this 2nd post within an hour is to capture the recent NECC (National Educational Computing Conference) held in San Antonio, organised by ISTE (International Society for Technology in Education). reading a highlight from eSN, saw NETS (National Educational Technology Standards) being mentioned. looks like i have not been tracking developments in FRAMEWORK for quite some time *LOL* anyway it’s now included in the storeroom, so will read more about it when time permits 😛
oh yes, the NECC 2007 Research Papers can be found in this archive, and the NECC 2008 Papers here.

April/May 2006 issue of Innovate

Cross-posted this from Innovate

Welcome to the April/May issue of Innovate, which focuses on changing the ways we think about technology and its role in educational settings. We open our issue with my interview with Joel Barker and Scott Erickson, co-authors of Five Regions of the Future: A New Way to Think about Technology (Penguin 2005). They encourage thinking about technology in terms of purposes and results, developing five interrelated groupings that form a new lexicon to help the general public participate in discussions about emerging technologies and to help us all understand the uses and potential results of a technology.
Addressing the potential results of using video game technology in educational contexts, Michael Young, P. G. Schrader and Dongping Zheng encourage instructors, researchers, and designers to explore massively multiplayer online games (MMOGs). They examine the learning environments provided by MMOGs using ecological psychology, a theoretical approach that emphasizes the interrelationship between the mind and its environment, and encourage teachers and designers to utilize the learning potential inherent in this popular medium.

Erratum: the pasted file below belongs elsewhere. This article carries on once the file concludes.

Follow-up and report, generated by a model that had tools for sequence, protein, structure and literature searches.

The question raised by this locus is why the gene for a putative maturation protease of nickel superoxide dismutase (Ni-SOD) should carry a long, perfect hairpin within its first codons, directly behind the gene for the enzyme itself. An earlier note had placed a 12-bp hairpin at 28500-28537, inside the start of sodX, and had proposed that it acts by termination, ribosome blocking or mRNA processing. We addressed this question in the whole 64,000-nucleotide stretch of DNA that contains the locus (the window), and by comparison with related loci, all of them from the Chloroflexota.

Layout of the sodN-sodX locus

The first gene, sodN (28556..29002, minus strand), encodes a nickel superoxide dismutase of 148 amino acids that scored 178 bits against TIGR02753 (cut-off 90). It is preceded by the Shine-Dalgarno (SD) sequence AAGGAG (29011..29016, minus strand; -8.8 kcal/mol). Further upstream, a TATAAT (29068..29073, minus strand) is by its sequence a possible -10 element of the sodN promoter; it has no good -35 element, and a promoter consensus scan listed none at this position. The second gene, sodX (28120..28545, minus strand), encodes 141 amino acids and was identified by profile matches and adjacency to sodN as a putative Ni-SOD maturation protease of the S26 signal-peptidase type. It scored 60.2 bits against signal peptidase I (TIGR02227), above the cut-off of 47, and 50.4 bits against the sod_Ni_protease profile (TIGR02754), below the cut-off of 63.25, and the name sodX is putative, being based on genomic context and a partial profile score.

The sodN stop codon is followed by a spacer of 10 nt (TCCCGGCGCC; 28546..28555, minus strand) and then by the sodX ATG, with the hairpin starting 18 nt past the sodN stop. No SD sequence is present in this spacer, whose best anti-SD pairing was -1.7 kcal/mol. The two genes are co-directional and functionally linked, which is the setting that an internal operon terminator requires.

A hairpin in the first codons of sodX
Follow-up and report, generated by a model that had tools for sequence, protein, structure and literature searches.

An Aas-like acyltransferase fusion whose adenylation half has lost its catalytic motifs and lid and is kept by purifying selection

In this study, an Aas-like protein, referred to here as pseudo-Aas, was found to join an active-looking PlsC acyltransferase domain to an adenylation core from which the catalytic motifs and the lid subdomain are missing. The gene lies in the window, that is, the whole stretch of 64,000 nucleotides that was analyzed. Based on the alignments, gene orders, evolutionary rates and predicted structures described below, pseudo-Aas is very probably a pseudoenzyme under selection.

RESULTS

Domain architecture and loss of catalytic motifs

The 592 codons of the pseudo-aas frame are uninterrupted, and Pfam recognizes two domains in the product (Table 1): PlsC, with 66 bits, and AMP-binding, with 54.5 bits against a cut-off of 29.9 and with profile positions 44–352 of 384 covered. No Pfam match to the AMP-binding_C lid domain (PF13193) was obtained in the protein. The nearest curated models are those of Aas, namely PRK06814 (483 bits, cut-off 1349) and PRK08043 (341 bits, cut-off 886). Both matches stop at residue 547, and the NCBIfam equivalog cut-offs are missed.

Our next four articles provide practical accounts of how technologies are currently being used to enhance the learning process for K-12 students, educational leaders, and university students. I interview David Macquart of the Global Nomads Group, a group dedicated to heightening cultural understanding among our K-12 children. They use videoconferencing technology to bring together classes in different parts of the world and to stream video�or webumentaries�from cultural sites around the world. In turn, Donna Cooner and Ellyn Dickmann examine the advantages of using of e-journals to promote critical self-reflection, peer dialogue, and professional growth for interns in principal preparation programs. They also introduce us to Journey Mapping, a software program that can support structured e-journal writing for student principals and convenient data collection for their mentors and supervisors.
In college courses with large enrollments, the strategic use of technology can offer significant advantages as well. Jason Cole and Bruce Robertson illustrate how they used a model from the business world, market segmentation, to determine the diverse needs of students in a large core class; they then drew upon this model to develop a hybrid online/offline course that caters to different student populations�working and nonworking students as well as native English speakers and ESL students. Johnny El-Rady describes how he adopted an electronic voting system to facilitate class participation and assess student learning in a large lecture course. In assessing the pros and cons of using such a system, he argues that the benefits of such technology make it a valuable asset for instructors.